High levels of moisture in the air (humidity) and sweating
Taking certain medicines, such as corticosteroids and seizure medicines
Being a teen is the greatest risk factor for acne. A family history also increases the risk for severe acne.
Acne can occur anywhere on the body. It is most common in areas where there are more sebaceous glands, such as:
Symptoms can occur a bit differently in each child. They can include:
Small bumps that are skin-colored or white (whiteheads)
Small bumps that are dark in color (blackheads)
Red, pus-filled pimples that may hurt
Solid, raised bumps (nodules)
Darker areas of skin
The symptoms of acne can be like other health conditions. Make sure your child sees their healthcare provider for a diagnosis.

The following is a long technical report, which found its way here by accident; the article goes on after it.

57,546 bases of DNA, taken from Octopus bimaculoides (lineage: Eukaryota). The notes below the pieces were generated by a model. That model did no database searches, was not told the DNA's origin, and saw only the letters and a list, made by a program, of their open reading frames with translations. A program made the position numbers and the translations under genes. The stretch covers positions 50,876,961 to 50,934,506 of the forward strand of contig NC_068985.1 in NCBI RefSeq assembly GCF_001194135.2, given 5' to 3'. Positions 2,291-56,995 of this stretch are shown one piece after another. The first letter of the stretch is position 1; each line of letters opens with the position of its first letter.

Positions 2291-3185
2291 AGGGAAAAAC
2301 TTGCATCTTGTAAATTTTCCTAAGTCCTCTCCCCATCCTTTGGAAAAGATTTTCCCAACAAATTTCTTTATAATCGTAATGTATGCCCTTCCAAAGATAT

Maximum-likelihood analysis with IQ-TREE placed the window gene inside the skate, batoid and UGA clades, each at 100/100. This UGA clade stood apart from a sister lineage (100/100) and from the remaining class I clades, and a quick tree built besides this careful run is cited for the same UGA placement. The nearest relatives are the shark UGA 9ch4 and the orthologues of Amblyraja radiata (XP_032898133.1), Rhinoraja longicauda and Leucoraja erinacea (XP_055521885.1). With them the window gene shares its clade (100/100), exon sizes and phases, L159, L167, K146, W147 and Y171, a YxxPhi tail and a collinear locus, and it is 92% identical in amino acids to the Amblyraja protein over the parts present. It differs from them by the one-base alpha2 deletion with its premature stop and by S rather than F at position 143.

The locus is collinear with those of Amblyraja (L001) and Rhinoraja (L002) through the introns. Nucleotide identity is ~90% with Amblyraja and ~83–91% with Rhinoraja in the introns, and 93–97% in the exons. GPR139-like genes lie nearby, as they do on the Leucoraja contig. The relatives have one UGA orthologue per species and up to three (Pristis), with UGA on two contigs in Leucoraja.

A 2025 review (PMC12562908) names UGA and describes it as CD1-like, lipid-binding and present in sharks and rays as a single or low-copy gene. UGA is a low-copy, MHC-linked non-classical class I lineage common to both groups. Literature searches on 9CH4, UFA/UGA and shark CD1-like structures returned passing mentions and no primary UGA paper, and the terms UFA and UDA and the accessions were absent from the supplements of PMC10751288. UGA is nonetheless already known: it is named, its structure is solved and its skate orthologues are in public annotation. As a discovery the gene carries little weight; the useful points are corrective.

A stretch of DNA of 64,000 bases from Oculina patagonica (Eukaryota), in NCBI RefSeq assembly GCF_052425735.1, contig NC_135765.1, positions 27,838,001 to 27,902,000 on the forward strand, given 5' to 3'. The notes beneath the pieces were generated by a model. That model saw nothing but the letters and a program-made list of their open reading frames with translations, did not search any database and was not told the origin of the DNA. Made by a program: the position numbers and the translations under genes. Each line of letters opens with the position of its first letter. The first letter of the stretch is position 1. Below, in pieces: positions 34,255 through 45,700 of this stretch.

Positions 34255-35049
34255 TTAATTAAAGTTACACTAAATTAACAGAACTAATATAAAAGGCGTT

The healthcare provider will ask about your child’s symptoms and health history. The provider will look at the areas of the body with acne. The provider may advise that your child see a healthcare provider who specializes in skin care (dermatologist).
Treatment will depend on your child’s symptoms, age, and general health. It will also depend on how severe the condition is. The goal of acne treatment is to improve the skins appearance and to lessen the chance of scarring. Treatment for acne will include gentle, regular skin care. Your child's healthcare provider may advise:
Nonprescription cleansers and creams, lotions, gels, or other products
Prescriptions that are put on the skin (topical) or taken by mouth (oral)
Other therapies or procedures, such as laser therapy, light therapy, or chemical peels
Draining of a cyst or injecting it with medicine
Topical medicines are often prescribed to treat acne. These can be in the form of a cream, gel, lotion, or liquid. These may include: